|A Fateful Fourth
Author: beaglelvr93 PM
While attending the town fireworks show, a young girl decides to leave her 'boring' family to find something more exciting to do. Trouble ensues. First posted original story. Potentially to be continued, but can be read as a oneshot.Rated: Fiction K - English - Adventure - Words: 819 - Reviews: 1 - Published: 07-03-08 - Status: Complete - id: 2540338
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Hello everyone! This is my first story posted here at fictionpress, but not my first story ever. I write Bones fiction over on the sister site, . Please enjoy, comments and criticism appreciated and loved!
I may be 14, but I'm not stupid. I know the whole 'Don't get into cars with strangers who have lollipops and puppies' routine.
I happen to like ponies, a lot, and I also think I'm adopted, but more on that later.
It was the Fourth of July. I was out of school, and I was at the Mashpee fireworks with my Mom and my little brother, Ricky.
I was bored, but Mom was watching Ricky. Not me.
It was too easy. I slipped sideways into the crowd, ducked under the arm of a furry, pink gorilla, and was headed for the ponies.
That, too, was too easy. They had closed down the pony ride for the night, so I climbed onto the platform that the make-shift stables were on and squeezed through a half open door.
I was in. I waited a minute for my eyes to adjust to the dim lighting. I saw compartments lined along the walls, about six of them, in the large rectangular space. Each had indistinguishable objects hanging off the gates and stacked around. Ducking low, I scurried over to the first stall. The indistinguishable objects were revealed to me as horse tack and feed as I got closer. Checking quickly to make sure I was the only one there, I clambered over the stall divider and dropped down right next to the stall's only occupant.
The pony snorted in surprise, backing into a corner away from me. Calmly, I stretched a hand out towards her nose. After a few seconds, I saw the panic in her eyes settle, quickly switching to curiosity. She sniffed my fingers and I laughed instinctively as her whiskers tickled my palm. That, apparently, was the wrong thing to do.
"Who's there?" A loud, athuorative male voice called. With a gasp of surprise, I ducked down, crouching next to my new friend. She nudged my shoulder, a questioning look in her eyes. Startled at such a human emotion coming from an animal, I did a quick double take before I put a finger to my lips in a gesture for her to be quiet.
"Hello?" Another voice called, this one raspy. Smoker, I realized.
"It's just me, Jim." The first voice replied. "I thought I heard somethin' in here."
"I'll check it out." The second voice – Jim – said, and I heard the tramp of work boots coming towards me. Pressing closer to the pony, I shrank as far into the corner as I could.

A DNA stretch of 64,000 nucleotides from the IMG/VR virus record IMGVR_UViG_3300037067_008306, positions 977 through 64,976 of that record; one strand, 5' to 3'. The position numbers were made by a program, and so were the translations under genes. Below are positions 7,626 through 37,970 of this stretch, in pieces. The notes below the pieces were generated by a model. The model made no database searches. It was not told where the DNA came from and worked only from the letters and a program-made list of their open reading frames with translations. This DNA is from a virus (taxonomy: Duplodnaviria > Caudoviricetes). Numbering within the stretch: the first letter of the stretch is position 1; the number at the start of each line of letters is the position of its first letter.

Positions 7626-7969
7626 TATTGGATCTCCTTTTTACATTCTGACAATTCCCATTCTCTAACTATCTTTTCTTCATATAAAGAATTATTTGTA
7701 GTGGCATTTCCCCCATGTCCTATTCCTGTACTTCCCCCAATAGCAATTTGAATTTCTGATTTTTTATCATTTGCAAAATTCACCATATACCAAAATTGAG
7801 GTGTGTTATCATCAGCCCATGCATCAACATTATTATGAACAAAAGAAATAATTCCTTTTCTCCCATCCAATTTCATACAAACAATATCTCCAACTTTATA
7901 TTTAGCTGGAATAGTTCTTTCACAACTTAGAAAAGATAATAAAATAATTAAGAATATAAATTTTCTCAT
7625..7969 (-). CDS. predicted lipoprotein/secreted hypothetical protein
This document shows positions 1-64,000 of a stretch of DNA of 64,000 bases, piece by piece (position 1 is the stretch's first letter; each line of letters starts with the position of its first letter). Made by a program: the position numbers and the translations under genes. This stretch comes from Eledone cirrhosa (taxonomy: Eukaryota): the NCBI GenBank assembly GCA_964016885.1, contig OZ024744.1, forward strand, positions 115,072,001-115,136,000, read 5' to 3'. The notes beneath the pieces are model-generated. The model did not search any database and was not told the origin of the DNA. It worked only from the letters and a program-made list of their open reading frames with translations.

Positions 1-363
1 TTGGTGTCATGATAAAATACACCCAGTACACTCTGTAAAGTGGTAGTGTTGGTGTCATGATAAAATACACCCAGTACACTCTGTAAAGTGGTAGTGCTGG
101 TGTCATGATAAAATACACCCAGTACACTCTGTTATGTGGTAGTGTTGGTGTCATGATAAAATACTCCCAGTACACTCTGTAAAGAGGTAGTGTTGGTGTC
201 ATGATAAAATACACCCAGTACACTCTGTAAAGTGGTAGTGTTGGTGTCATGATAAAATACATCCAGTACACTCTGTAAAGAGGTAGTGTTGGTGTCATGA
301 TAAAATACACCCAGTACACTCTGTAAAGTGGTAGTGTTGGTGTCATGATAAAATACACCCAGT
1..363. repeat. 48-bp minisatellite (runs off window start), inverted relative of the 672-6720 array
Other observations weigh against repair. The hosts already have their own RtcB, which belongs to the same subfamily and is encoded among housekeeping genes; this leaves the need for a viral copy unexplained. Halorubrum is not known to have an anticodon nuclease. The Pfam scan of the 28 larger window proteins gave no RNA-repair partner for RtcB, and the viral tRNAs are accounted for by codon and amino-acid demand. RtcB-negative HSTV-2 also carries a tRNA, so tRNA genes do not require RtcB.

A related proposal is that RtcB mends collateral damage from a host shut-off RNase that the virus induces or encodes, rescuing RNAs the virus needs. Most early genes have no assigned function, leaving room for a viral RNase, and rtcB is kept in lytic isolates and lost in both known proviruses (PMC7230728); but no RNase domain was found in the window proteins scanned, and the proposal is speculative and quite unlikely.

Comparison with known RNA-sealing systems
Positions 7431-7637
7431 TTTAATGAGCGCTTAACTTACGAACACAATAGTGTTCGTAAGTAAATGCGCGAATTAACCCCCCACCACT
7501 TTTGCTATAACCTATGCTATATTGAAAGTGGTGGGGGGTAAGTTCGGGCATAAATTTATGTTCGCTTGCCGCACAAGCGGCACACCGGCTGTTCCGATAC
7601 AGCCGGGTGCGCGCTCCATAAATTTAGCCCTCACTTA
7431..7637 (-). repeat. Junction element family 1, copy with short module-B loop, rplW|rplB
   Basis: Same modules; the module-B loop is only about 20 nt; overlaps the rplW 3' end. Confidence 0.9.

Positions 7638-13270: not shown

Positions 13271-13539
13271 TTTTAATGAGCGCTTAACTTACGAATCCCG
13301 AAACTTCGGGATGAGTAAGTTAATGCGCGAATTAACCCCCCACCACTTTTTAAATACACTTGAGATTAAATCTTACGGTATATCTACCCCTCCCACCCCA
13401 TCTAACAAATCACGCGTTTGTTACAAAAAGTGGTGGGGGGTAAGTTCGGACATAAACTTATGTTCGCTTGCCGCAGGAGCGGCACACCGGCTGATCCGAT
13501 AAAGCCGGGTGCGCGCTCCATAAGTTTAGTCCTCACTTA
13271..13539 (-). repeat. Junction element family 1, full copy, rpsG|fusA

A flashlight – quite large and industrial from the size of the beam – danced in my direction from the general location of the voices. I held my breath, going against my instinct to either squeeze my eyes shut and pretend I was invisible or to scream bloody murder.
The beam of light swept into my stall and I froze. It scouted the walls first and for one terrifying second as the beam passed over me I thought I was caught, but the beam kept going and Jim's half-hearted search was completed with a sharp click of the flashlight being shut off.
"Nothin' down here." He called, locking the door I had come in before stomping back to his companion. "We should get moving anyways."
"Flip you for driving rights." The first voice, still nameless, said. I heard rustling, then the ping as a coin was flipped, and the smack as it was turned onto the back of someone's hand.
"Aww, come on Dave." Jim said, and I heard the coin being dropped back into a pocket, clinking as it rattled against other loose change.
"Nope. Fair's fair." Voice number one, AKA 'Dave', said smugly.
Jim chuckled stupidly. "Fair's fair. Funny, Dave, seeing as we work for a carnival." I could practically hear Dave roll his eyes. Footsteps followed, then the slamming of a door. For a few seconds I was in silence.
"Well," I said to the pony, letting out a breath I wasn't aware I was holding in, "That was exciting, but I really have to go-"
The revving of an engine and the floor lurching cut me off as I fell over sideways. The pony, obviously expecting the sudden movement, hadn't even stumbled.
"What the?!" I exclaimed, righting myself.
The floor, no, the whole stable, was moving. When I heard Dave beep the horn, I realized exactly what was going on.
I was in a truck that housed a bunch of ponies and I had no way to get out! To make this all even better, no one knew where I was.
Happy fourth, Ashley, My subconscious muttered evilly, Happy last Fourth of July.